Colonial connections in the ancient Mediterranean

Originally trained as a Mediterranean archaeologist, my research centres on comparative perspectives in the study of the Phoenician/Punic and Greek colonial impact on Mediterranean Iberia and Central Italy between the 9th and the 2nd centuries BC. I have analysed continuities and transformations in domestic architecture, food practices, and the manufacture and use of textiles to get a deeper understanding of craft traditions and cultural meanings, social hierarchies and violence in the everyday life of ancient Mediterranean communities.

– Me analysing with a portable microscope the textile fibres from El Turuñuelo, Spain (Photo courtesy of Esther González)

– Plain weave linen textile from Los Millares (Museo Arqueológico Nacional, Spain)

– Punic necropolis in Tangier, Morocco (Author)


For this research, I have studied in Belgium, Egypt, Italy, Spain, the UK, and the US, and carried out fieldwork in Cyprus, Italy, and Spain for more than 16 years by now. My network spans numerous museums, national research centres and universities in Austria, Cyprus, France, Germany, Greece, Italy, Portugal, Spain, the UK, and the US.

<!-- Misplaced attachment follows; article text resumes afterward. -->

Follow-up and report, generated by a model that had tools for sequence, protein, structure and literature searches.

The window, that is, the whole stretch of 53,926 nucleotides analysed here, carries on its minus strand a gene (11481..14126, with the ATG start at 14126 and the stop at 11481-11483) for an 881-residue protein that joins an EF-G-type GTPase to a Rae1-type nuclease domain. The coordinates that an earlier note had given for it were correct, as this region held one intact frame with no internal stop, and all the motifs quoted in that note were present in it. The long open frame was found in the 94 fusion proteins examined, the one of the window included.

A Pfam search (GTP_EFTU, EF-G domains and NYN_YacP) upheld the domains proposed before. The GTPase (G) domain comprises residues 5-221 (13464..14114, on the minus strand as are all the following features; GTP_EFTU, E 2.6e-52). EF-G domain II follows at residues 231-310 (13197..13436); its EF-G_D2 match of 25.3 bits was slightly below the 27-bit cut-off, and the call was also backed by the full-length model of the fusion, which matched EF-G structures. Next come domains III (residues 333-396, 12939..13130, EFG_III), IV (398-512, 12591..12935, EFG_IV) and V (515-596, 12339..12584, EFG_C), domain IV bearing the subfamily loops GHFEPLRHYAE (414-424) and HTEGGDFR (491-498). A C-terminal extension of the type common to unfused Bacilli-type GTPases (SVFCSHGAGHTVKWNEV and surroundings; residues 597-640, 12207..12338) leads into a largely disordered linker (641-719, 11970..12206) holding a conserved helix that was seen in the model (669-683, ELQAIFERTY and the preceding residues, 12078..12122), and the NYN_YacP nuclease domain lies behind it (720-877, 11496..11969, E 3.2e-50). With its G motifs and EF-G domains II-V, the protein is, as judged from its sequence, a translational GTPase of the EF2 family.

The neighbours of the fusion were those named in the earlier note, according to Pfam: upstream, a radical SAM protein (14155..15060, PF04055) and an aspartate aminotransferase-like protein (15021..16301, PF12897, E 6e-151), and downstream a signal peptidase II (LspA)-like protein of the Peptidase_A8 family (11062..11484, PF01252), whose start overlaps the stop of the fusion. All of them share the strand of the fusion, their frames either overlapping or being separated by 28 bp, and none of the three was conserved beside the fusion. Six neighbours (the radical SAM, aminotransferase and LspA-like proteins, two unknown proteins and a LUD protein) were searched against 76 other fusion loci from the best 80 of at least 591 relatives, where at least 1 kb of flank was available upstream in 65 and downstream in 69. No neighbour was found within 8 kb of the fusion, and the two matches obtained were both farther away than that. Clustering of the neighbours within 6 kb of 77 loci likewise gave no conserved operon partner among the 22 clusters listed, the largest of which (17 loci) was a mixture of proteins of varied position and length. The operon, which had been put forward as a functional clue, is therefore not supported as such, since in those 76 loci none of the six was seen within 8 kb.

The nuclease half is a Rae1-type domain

– Etruscan necropolis of Cerveteri (Author)

– Punic glass bead from the Metropolitan Museum in New York (Author)

– Olmeda’s archaeological team at work, Guadalajara, Spain (Photo by Jesús Arenas)

– Outline of two houses at Pompei, Italy (Jesús Arenas & Author)


Remains of ‘earliest-ever’ Iberian textiles factory that was burned to the ground 2,500 years ago reveals how ancient wool was SACRIFICED alongside animals

Descubren en El Turuñuelo los primeros tejidos de lana y de sarga de la península Ibérica

Los tejidos del Turuñuelo: la lana tejida más antigua de la Península gracias a los tartesios

Descubren los primeros tejidos de lana y de sarga de Iberia en una finca rural de Extremadura quemada de forma intencional en el siglo V a.C.